Researchers sequenced the entire genomes of 2,636 Icelanders and gained useful insights into how human genes evolve and mutate
Over the past 15 years, Iceland has managed to be at the forefront of genetic research tied to personalized medicine and new biomarkers for diagnostics and therapeutics. This is true because, as most pathologists know, Iceland has a small population that has seen little immigration over the past 1,000 years, along with a progressive government and business community.
The relatively closed society of Iceland makes it much easier to identify genetic sequences that contribute to different diseases. The latest example of such research findings comes after the genomes of 2,636 Icelanders were sequenced. In addition to this being the world’s largest-ever study of the genetic makeup of a single population, the findings suggest a strategy for analyzing the full-spectrum of genetic variation in a single population.
Prenatal genome sequencing raises ethical issues for gene sequencing labs and clinical labs, since a baby’s genetic information may present lifelong consequences for that individual
Pathologists and clinical laboratory managers will be interested to learn that another milestone in genetic testing was reached earlier this year. A geneticist at the University of California at Davis, has sequenced the whole human genome of his unborn baby, the first time this feat has been accomplished.
Notably, it was geneticist and graduate student Razib Khan of the UC Davis School of Veterinary Medicine who sequenced his unborn son’s genome during the third trimester of pregnancy using a sample of the fetus’ placenta. This is the first healthy person born in the United States with his entire genetic makeup deciphered prior to birth, noted a recent story published by the MIT Technology Review. (more…)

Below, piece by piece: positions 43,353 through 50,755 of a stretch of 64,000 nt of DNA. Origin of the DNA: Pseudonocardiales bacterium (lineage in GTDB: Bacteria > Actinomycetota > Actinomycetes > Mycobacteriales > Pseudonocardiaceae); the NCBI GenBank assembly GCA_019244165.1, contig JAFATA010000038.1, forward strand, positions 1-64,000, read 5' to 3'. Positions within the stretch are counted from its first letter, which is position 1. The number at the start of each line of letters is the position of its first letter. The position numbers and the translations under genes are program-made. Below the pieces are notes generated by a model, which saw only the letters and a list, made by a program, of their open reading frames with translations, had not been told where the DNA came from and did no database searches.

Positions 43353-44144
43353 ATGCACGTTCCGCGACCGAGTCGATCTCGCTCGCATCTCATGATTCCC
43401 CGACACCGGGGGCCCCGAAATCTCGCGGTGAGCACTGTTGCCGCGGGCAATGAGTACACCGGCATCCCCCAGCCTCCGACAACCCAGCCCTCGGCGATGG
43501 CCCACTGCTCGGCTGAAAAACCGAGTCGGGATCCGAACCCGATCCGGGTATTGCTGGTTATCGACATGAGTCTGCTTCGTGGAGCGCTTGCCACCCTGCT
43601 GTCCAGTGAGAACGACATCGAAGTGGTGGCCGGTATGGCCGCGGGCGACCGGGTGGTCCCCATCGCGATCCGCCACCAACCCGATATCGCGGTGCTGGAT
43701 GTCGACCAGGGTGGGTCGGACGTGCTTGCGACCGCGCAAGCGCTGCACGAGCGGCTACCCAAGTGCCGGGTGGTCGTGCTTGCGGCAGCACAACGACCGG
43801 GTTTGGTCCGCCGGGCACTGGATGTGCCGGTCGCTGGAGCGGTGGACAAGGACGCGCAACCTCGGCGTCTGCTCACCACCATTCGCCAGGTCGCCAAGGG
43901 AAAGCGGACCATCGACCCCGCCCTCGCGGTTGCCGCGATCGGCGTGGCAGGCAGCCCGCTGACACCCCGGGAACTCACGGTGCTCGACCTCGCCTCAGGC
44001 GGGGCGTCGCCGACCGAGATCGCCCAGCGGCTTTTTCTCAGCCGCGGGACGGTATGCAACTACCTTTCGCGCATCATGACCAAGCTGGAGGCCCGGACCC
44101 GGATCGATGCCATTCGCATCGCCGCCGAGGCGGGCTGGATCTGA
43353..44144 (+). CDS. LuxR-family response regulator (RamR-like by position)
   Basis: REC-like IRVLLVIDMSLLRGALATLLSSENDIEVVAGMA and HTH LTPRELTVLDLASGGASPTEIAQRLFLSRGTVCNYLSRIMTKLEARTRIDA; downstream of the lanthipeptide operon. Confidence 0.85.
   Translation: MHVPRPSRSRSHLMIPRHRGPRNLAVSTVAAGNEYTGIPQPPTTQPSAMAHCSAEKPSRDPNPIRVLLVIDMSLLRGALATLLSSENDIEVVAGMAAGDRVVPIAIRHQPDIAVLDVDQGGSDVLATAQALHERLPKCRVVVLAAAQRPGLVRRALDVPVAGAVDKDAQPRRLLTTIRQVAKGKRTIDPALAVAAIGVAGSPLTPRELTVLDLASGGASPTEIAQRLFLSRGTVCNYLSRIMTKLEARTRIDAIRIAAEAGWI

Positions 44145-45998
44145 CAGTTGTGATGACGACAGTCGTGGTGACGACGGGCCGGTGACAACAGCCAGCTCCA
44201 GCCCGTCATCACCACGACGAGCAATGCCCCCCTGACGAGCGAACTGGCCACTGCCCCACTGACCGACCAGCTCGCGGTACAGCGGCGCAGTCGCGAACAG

The four exome test kits examined as part of this study failed to deliver quality results, particularly because they often missed some disease-causing mutations altogether
Human exome sequencing is gaining favor among medical laboratories wanting to use this information for clinical purposes. However, the accuracy of some exome-capture test kits available on the market today has come under question.
A team from the Thomas Jefferson University in Philadelphia surveyed the potential false-negative rate of mutations in 56 disease-causing genes produced by four different commercially available human exome-capture test kits. The researchers found that these test kits failed to deliver quality results, sometimes missing mutations altogether, noted a report published by Medical Daily. (more…)